At this point, your local git repository will look like this:


with commit D as the most recent commit. Now, you should modify the necessary files and amend commit D as described in the previous section.

After you have amended commit D, you are now ready to place your previous commits (A,B and C)on top of it. To do this, issue the following series of commands:

$ git cherry-pick <<commit-SHA of commit C>>
$ git cherry-pick <<commit-SHA of commit B>>
$ git cherry-pick <<commit-SHA of commit A>>

git cherry-pick <<commit-SHA of commit A>> will apply the commit A to the current branch. Hence, after this series of commands, the tree will look like


with D' representing the modified commit.

It is also important to note that you can easily change the order of your commits. If you were to issue the commands in this order:

$ git cherry-pick <<commit-SHA of commit B>>
$ git cherry-pick <<commit-SHA of commit C>>
$ git cherry-pick <<commit-SHA of commit A>>

your tree would look like:


Problem 3: modifying files in commits that have been pushed to your personal space

The procedure here is basically the same as in Problem 2 above with a few exceptions. First, if you are modifying a commit that is not the most recent, you will have to cherry-pick all commits that have come afterward. Second, when you have modified the commit history as you please (following the procedures above) you must issue the following command:

$ git push personal -f

to overwrite the previous commit history in your personal directory on Kirikou.

Problem 4: resolving conflicts

Git tracks changes in files by looking at the code surrounding modifications. This minimizes programming conflicts because often we do not have two people working on the same function (or, rather, the same parts of a function) at a given time. However, from time to time, this does happen and git will be unable to merge your changes with those of someone else and, hence, manual intervention may be required.

This situation will often arise when fetching and rebasing your local repository, but can also occur when cherry-picking (say, for example, you modify a historical commit by changing parts of a file that are later changed in another one of your commits).

When you encounter a merging conflict, git will edit the file with the conflict as follows (this is from a git cherry-pick conflict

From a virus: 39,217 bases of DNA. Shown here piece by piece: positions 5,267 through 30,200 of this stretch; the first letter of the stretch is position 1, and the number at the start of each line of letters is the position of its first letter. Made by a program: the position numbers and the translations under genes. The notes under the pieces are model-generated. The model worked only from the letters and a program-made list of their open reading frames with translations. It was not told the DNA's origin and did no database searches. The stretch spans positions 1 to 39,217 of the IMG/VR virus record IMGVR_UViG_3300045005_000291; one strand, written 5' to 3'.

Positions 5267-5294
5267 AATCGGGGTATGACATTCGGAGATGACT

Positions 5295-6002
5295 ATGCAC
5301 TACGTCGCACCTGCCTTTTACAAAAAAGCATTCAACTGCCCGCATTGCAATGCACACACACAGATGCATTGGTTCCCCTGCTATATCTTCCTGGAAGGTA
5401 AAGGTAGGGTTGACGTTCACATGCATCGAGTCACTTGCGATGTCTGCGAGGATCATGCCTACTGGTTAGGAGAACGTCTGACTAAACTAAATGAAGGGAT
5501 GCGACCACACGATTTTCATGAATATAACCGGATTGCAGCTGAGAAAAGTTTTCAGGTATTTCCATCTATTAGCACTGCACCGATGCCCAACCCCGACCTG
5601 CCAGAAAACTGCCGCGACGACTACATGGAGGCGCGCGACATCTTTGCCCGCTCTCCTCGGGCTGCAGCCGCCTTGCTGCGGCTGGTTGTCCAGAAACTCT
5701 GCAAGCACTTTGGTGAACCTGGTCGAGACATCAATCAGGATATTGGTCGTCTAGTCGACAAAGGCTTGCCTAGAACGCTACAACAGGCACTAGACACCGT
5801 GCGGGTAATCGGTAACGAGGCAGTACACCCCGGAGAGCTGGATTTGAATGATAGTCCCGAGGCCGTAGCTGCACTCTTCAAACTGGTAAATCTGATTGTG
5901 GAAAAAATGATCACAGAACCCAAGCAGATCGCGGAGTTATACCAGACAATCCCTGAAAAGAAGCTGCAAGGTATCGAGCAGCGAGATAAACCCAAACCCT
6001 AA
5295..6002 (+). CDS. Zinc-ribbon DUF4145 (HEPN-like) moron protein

<<<<<<< HEAD
        if options_.mh_posterior_mode_estimation
        if ~options_.mh_posterior_mode_estimation
>>>>>>> 29f9bb9... Fixed bug related to the mh based approximation of the posterior covariance matrix (used

while this is from a git stash pop conflict

<<<<<<< Updated upstream
        if ~options_.mh_posterior_mode_estimation
        if options_.mh_posterior_mode_estimation
>>>>>>> Stashed changes

Where, the part between <<<<<<< HEAD and ======= is what was already in your repository while the area between ======= and >>>>>>>... is what you were trying to place in its position. To deal with this manually, edit the file to contain the correct code (i.e. remove <<<<<<< HEAD, ======= and >>>>>>>...) and make sure that the code that remains is the correctly merged code.

If this is a git cherry-pick conflict, you will then issue the command

$ git add <<filename>>
$ git commit -c <<commit-SHA of the commit you were cherry-picking>>

if you want to maintain the commit message and authorship of the original commit.

If this is a git stash pop conflict you must edit the file as noted above then issue the command

git stash drop

to get rid of the stashed stack. If the file does differs from those in the central repository below it, you will have to commit the changes in a future commit. If they match exactly the changes in the central repository, there is nothing more to do.

DynareWiki: GitCommonProblems (last edited 2010-09-06 16:10:30 by HoutanBastani)